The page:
Very interesting link RB. I notice your man Ken Rockwell says

"If big business has its way, which it usually does since those with the gold make the rules, business will suck every penny you have out of you until you can't earn any more and are left dead or dying. This is the way a competitive economy works: there are winners and there are losers. "

:rolleyes:

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Very interesting link RB. I notice your man Ken Rockwell says

"If big business has its way, which it usually does since those with the gold make the rules, business will suck every penny you have out of you until you can't earn any more and are left dead or dying. This is the way a competitive economy works: there are winners and there are losers. "

:rolleyes:

Did you forget to add that usually leaves to revolution/war?

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More upbeat news to keep the party going for awhile longer:

http://uk.finance.yahoo.com/news/oil-prices-top-76-dollars-on-chinese-data-iea-report-afp-bd57c050ddbd.html?x=0

Oil prices top 76 dollars on Chinese data, IEA report
17:59, Thursday 10 June 2010
World oil prices topped 76 dollars on Thursday, boosted by positive Chinese trade data and an
upbeat energy demand outlook
from the International Energy Agency, dealers said.

Oh, what joy!!! :D

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17:59, Thursday 10 June 2010

World oil prices topped 76 dollars on Thursday, boosted by positive Chinese trade data and an upbeat energy demand outlook from the International Energy Agency, dealers said.[/indent]

Oh, what joy!!! :D

Indeed! 'Tis always a pleasure to pay more for oil/gas etc. Equally, I love to pay more for houses as well. The more expensive the better.

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Must be this good news. :rolleyes:

http://news.bbc.co.uk/1/hi/business/10287155.stm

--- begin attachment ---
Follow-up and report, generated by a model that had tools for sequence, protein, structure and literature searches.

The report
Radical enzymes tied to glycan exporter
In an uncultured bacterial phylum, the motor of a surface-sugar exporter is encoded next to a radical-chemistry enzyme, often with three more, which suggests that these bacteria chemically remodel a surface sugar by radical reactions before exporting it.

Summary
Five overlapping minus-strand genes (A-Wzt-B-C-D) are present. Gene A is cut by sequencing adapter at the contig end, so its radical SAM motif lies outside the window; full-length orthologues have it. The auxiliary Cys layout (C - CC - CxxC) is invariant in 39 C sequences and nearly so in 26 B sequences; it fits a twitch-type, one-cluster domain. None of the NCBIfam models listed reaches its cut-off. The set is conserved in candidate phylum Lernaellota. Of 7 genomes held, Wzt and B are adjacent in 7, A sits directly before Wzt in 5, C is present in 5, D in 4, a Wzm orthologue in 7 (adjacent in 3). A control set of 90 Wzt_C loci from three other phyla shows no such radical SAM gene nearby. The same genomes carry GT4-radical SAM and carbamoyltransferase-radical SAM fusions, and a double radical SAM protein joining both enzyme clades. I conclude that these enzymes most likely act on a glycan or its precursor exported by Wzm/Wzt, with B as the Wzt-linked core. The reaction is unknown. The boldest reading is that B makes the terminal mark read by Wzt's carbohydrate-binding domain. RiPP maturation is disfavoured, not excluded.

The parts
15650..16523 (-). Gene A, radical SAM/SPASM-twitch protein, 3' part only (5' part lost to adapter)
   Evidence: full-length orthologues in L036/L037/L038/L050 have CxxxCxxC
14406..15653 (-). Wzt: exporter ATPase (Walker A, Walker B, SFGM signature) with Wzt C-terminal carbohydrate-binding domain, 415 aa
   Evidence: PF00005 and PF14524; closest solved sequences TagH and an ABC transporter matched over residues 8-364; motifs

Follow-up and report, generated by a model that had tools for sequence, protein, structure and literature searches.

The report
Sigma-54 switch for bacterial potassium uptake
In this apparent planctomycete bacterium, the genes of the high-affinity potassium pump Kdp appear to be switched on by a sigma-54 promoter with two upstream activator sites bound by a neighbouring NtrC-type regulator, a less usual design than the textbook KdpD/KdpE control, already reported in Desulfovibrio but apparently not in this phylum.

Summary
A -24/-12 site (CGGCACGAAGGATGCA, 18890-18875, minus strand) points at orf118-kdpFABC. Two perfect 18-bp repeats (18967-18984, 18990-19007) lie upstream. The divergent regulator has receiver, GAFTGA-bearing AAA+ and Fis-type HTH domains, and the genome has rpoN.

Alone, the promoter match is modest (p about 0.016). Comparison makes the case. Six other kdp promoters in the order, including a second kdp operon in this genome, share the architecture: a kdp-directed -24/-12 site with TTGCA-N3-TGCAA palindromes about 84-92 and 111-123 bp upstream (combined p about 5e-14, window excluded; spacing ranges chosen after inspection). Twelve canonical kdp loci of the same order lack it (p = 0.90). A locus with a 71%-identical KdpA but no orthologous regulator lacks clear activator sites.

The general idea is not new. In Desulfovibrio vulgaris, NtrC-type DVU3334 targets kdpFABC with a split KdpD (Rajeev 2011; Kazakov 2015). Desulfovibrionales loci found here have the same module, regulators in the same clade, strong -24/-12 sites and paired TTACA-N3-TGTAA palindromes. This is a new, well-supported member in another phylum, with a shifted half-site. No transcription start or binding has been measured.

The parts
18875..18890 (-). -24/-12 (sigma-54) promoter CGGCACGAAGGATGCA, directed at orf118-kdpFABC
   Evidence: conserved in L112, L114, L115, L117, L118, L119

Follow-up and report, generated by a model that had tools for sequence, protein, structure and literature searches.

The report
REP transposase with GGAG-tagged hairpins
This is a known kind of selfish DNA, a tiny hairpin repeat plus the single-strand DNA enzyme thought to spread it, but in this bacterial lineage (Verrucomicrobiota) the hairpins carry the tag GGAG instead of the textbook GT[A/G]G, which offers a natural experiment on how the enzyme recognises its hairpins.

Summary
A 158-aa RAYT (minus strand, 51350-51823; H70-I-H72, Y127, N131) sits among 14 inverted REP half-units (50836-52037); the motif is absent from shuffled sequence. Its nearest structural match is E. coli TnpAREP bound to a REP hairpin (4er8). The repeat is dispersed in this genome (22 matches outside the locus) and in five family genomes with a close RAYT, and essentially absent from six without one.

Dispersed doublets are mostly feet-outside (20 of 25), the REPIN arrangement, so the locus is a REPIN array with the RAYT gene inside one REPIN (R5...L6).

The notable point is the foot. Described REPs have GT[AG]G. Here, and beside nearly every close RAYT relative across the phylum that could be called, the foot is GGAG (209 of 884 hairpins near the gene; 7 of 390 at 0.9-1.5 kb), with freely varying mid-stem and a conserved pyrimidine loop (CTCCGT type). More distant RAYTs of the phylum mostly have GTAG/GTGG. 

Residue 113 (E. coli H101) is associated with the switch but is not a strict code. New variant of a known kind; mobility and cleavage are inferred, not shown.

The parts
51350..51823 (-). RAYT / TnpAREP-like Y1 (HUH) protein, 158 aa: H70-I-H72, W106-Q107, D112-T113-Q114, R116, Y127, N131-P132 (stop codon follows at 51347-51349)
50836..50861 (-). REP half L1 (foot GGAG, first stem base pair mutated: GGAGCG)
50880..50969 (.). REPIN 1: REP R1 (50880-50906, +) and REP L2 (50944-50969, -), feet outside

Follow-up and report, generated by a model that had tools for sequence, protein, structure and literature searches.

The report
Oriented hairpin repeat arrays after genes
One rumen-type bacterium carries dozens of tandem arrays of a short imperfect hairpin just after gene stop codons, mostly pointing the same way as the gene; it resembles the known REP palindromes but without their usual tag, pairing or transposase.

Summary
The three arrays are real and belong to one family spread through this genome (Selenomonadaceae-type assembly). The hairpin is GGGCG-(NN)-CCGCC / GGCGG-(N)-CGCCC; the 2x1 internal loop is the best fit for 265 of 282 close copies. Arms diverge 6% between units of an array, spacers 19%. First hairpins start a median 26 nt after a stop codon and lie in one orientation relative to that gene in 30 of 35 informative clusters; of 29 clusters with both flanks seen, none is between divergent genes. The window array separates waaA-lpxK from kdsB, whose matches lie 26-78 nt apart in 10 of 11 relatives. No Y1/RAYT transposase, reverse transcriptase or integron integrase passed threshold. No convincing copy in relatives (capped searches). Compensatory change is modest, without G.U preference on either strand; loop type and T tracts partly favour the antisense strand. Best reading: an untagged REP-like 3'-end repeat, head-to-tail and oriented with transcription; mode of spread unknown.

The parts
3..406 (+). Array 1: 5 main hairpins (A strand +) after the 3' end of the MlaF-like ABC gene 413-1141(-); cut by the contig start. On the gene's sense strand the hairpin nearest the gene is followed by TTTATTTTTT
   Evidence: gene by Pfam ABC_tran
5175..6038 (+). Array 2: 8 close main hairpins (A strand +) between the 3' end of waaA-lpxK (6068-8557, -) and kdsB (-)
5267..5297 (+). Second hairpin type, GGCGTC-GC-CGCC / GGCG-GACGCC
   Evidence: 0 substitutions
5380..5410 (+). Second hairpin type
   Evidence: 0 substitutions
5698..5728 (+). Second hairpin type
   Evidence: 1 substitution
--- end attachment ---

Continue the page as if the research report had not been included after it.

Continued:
US trade deficit widens to 16-month high

Container ship Trade still remains below levels seen before the global financial crisis

The US trade deficit widened to a 16-month high in April, as both imports and exports fell slightly.

According to the Commerce Department's data the total monthly deficit was $40.3bn (£27.5bn), up 0.6% from March

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http://www.telegraph.co.uk/finance/economics/7769126/US-money-supply-plunges-at-1930s-pace-as-Obama-eyes-fresh-stimulus.html

US money supply plunges at 1930s pace as Obama eyes fresh stimulus
The M3 money supply in the United States is contracting at an accelerating rate that now matches the average decline seen from 1929 to 1933, despite near zero interest rates and the biggest fiscal blitz in history.../
"It’s frightening," said Professor Tim Congdon from International Monetary Research. "The plunge in M3 has no precedent since the Great Depression. The dominant reason for this is that regulators across the world are pressing banks to raise capital asset ratios and to shrink their risk assets. This is why the US is not recovering properly," he said.

Deflation is not yet here but it cometh. Came back from the hills and rejoice as cheap houses arriveth soon!

deflation is impossible , the government will just mail out stimulus cheques again if it looks like being deflation

Edited by Ruffneck

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  • 191 Brexit, House prices and Summer 2020

    1. 1. Including the effects Brexit, where do you think average UK house prices will be relative to now in June 2020?


      • down 5% +
      • down 2.5%
      • Even
      • up 2.5%
      • up 5%